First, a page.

The elite member with a bigger and bolder mansion than his equally rich neighbor also bests that neighbor as alpha male.”
The recent financial crises have exposed the enormous power wielded by financiers. These top bankers, hedge-fund managers and other financial-services industry determine many aspects of the wider population’s lives, shape the outcome of the regulation process and influence geopolitical order. I’ll call them the “elite,” as they occupy commanding positions and exercise control over knowledge, skills, talent, and wealth.
Though these elites hold great power over us, most of us fail to understand them. To better grasp their impact on our lives, this series aims to shed light on what makes them, well, elite.
This first article explores the relationship between luxury products and status.
How do we recognize elites on appearances alone? From the outside, we can’t judge if J.P.Morgan’s Jamie Dimon has a large bank account or if Larry Page and Sergey Brin own shares in Google. Does it actually matter, though, if we can? Apparently it does. Luxury brands and high-end clothes wouldn’t sell so well if it weren’t for the elites. One could argue that the elites’ craving for the latest sports car, designer clothes and diamonds for their wives stems more from pleasure than from purpose, yet a closer look reveals something else.
Status and identity
Money and control of scarce resources are not only what matter to elites. They also need to noticeably distinguish themselves from others. Large and richly ornamented residences, expensive jewelry and fine art are just a few external signs of superiority, but manners, taste and leisure activities also help to mark distinction. It is not sufficient to possess wealth or power only; they must put in evidence. As French sociologist/anthropologist Pierre Bourdieu argued, financial power might be the ultimate basis of power, but this wealth can only wield power in the form of all kinds of capital (cultural, social and symbolic).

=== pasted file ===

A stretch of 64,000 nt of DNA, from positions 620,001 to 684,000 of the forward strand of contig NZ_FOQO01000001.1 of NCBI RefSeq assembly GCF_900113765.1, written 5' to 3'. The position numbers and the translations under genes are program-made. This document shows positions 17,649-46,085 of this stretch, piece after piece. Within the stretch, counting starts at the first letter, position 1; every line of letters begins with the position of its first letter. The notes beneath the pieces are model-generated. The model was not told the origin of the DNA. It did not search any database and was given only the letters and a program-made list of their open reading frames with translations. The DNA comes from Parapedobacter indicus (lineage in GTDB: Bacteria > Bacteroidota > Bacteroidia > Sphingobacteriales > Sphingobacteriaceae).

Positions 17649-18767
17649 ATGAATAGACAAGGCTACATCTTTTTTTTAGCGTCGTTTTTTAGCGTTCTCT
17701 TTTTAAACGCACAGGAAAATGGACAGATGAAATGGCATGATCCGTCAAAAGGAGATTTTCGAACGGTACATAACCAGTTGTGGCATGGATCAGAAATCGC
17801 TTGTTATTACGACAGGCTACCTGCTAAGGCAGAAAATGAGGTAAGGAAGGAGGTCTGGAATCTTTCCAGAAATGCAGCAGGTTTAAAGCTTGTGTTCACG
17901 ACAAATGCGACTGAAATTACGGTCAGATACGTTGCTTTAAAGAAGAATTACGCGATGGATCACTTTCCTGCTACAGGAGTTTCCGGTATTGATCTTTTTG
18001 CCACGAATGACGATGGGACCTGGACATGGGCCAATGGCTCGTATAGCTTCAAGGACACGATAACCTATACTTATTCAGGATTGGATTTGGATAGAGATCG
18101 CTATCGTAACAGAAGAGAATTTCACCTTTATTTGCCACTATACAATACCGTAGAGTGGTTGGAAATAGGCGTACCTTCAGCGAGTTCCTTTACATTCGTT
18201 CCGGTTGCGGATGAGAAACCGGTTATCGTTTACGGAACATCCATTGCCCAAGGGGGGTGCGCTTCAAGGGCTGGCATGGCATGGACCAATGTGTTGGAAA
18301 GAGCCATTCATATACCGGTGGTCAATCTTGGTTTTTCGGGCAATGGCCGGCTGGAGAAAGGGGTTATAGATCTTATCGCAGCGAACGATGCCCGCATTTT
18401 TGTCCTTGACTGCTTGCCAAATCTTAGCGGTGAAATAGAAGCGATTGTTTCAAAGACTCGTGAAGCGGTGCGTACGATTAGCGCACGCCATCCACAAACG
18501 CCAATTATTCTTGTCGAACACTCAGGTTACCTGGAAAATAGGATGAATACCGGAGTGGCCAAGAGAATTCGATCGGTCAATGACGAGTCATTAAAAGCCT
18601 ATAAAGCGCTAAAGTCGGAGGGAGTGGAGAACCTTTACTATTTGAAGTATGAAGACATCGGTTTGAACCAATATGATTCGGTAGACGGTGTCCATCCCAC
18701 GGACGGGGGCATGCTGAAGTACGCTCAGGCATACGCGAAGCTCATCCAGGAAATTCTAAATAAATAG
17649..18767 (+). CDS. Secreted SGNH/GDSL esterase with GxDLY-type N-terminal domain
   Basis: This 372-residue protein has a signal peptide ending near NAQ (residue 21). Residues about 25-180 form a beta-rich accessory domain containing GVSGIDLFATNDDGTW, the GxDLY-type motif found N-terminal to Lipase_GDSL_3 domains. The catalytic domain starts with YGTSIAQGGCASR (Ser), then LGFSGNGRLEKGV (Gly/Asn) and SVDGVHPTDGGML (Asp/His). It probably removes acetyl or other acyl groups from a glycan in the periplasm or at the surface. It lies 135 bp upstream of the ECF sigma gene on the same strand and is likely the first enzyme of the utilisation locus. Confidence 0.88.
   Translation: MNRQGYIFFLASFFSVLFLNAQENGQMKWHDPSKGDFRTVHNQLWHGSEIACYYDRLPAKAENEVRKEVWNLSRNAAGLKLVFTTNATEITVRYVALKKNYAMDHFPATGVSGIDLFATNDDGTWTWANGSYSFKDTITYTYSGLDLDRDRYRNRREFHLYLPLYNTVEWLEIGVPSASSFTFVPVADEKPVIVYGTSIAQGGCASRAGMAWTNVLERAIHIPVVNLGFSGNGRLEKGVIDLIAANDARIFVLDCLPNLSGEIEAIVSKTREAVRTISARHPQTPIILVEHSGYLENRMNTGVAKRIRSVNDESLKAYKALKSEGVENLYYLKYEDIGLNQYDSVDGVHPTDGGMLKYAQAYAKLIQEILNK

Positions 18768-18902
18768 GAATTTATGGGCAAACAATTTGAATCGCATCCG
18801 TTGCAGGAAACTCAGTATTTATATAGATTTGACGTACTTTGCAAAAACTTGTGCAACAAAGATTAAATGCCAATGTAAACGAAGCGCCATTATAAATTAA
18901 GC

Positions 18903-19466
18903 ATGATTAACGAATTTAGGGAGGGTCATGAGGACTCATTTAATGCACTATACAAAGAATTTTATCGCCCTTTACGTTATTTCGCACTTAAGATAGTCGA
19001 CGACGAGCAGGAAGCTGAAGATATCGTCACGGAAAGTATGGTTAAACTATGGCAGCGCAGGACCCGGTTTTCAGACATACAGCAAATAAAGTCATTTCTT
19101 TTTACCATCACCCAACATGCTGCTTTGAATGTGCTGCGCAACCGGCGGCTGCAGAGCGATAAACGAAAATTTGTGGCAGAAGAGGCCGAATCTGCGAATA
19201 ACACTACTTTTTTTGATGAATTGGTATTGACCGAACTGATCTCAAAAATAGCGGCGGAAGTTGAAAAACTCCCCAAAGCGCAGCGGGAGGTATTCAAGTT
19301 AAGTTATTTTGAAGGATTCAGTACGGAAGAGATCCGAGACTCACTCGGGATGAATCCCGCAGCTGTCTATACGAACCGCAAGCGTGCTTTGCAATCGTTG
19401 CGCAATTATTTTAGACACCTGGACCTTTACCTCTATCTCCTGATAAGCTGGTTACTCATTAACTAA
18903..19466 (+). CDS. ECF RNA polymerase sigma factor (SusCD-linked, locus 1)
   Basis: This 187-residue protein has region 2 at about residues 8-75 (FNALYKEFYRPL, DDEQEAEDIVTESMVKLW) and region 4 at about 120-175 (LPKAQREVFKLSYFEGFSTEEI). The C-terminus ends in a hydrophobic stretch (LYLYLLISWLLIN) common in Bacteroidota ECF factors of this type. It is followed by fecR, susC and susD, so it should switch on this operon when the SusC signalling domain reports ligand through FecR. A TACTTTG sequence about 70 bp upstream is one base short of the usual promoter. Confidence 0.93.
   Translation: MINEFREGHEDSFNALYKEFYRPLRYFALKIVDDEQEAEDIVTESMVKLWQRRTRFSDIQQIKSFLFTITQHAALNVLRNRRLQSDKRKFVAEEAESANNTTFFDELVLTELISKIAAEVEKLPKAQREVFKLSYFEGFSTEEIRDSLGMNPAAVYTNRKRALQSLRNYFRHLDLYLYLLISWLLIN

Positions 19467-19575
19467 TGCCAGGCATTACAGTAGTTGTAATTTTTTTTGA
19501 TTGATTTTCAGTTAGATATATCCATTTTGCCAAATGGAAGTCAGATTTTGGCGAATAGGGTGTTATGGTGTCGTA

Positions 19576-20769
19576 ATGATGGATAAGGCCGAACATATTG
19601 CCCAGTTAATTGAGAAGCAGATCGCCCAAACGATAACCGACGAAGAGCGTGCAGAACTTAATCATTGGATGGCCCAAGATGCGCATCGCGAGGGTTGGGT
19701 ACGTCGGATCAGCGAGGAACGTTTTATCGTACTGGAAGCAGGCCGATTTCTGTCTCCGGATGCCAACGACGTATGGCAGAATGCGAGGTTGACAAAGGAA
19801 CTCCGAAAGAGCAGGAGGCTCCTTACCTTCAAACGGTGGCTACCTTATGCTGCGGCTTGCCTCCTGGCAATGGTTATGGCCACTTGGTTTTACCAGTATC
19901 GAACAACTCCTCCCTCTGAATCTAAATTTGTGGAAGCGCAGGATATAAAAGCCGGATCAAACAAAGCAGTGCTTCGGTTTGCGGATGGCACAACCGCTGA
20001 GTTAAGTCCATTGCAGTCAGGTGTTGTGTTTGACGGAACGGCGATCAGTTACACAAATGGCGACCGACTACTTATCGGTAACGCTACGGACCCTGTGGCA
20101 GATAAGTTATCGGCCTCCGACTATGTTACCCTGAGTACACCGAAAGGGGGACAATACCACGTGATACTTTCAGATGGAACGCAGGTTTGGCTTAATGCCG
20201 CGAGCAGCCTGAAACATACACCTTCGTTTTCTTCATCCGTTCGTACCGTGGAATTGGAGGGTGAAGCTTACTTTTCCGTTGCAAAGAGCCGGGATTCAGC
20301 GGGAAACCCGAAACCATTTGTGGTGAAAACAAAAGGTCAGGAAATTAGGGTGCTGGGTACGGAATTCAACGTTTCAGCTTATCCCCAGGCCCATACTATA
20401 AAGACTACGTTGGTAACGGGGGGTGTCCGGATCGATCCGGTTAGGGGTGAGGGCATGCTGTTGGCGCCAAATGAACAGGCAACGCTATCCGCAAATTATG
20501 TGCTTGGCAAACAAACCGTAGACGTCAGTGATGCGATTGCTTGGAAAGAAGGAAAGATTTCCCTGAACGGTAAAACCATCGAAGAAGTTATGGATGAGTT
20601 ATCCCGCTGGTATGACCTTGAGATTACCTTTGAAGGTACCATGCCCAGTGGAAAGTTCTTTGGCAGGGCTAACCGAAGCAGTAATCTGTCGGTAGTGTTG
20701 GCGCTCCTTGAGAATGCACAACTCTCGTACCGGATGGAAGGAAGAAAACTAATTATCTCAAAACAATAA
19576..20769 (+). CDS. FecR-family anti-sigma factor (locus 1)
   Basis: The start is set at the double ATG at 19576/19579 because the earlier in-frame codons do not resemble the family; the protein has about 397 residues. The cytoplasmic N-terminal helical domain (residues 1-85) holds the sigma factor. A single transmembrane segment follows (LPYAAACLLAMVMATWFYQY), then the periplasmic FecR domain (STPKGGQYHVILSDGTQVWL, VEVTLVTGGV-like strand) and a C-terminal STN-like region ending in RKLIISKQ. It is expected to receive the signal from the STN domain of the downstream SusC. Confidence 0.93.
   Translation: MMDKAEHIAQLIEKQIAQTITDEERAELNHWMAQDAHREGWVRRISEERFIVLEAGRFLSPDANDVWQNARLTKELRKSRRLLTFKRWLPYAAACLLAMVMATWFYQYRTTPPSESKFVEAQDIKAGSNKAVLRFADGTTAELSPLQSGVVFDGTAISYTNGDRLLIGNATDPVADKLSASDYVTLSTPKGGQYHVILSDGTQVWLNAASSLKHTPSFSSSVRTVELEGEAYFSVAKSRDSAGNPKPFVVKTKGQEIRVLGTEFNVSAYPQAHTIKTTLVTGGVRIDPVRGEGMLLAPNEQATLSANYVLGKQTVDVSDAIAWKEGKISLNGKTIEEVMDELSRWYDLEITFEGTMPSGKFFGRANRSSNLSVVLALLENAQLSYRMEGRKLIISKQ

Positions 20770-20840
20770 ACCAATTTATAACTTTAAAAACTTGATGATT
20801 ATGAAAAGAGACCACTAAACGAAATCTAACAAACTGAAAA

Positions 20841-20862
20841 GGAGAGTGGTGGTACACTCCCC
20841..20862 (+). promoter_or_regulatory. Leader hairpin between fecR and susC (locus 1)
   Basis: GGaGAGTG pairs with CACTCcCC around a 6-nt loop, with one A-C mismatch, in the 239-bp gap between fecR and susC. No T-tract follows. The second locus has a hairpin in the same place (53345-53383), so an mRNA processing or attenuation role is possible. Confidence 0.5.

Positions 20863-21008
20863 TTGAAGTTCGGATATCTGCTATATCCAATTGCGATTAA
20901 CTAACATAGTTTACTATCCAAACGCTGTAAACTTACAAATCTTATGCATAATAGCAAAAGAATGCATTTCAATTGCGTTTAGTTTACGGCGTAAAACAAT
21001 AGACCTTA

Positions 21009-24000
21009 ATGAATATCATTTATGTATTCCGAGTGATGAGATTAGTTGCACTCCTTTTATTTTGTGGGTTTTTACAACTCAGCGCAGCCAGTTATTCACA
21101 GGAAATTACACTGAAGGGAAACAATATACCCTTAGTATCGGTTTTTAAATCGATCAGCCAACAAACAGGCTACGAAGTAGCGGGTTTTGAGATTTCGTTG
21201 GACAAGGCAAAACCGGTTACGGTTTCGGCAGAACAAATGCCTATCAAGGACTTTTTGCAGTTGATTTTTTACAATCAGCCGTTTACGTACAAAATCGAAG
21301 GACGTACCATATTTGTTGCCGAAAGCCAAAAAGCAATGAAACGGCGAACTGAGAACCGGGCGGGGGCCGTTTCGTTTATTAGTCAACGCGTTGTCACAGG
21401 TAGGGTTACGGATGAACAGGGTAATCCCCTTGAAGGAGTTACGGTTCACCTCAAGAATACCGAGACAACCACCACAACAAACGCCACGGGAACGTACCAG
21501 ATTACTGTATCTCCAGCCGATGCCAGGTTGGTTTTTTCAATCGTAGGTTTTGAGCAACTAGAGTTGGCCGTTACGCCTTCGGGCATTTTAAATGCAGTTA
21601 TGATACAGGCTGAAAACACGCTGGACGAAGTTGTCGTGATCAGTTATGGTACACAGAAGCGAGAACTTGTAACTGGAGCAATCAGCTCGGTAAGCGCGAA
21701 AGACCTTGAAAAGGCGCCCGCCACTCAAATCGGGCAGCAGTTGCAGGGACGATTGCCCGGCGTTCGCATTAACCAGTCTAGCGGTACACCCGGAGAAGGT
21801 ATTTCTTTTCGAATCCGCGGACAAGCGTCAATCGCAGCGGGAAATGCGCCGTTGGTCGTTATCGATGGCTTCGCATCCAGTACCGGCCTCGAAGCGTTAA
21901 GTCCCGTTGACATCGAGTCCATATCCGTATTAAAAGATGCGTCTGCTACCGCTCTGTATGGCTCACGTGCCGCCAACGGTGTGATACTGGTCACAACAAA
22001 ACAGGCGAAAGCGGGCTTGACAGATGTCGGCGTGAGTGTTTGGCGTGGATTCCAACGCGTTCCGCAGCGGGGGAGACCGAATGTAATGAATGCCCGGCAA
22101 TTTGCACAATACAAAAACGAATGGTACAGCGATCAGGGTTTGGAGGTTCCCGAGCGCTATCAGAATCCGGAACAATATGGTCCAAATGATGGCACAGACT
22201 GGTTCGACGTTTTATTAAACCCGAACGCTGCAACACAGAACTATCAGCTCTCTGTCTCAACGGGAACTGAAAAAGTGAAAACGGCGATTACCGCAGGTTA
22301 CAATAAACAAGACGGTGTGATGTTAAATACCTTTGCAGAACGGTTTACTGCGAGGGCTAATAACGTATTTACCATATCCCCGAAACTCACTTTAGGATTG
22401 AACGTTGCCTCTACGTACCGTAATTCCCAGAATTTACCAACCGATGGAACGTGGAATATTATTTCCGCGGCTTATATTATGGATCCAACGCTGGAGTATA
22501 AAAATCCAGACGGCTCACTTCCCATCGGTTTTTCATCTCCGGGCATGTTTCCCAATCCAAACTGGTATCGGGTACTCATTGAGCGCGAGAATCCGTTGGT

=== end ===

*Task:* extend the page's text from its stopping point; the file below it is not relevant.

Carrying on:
Priceless collectibles, lavish mansions and the newest, flashiest cars are the symbols on which elites rely in marking their status and symbolic superiority. Dressing smartly, bragging about a chalet in St. Moritz and adorning a mistress with Cartier symbolize power — not only to the outsider, but to insiders as well. The elite member with a bigger and bolder mansion than his equally rich neighbor also bests that neighbor as alpha male. The banker who drives around in the latest Ferrari — because he was able to skip Ferrari’s waiting list — isn’t just showing off his wealth.
Status and exclusivity
Such status symbols make the elites’ exclusivity known to the outside world, and it is the pomp and ostentation that we outsiders envy — the stuff we can only dream about. But the symbols of wealth, success and elite distinction not only set the elites apart from the rest of the population; they appear to garner a payoff too. A recent study on elite business consultants illustrated this: The advice of a consultant arriving with an expensive car is judged worthier than the same advice from someone with a lesser car. Therefore, symbols of wealth create more wealth.
Are Page and Brin richer than Dimon, then, because they have a fancier private jet? Maybe, but every elite setting has its particularities when it comes to symbols of elite superiority. Page and Brin can easily show up wearing jeans in Silicon Valley, but Dimon won’t be taken seriously if he doesn’t wear a suit and a tie. The underlying sociological logic, however, remains the same, as elites must always show their power through their status symbols. After all, we can’t see the millions on someone’s bank slip from the outside.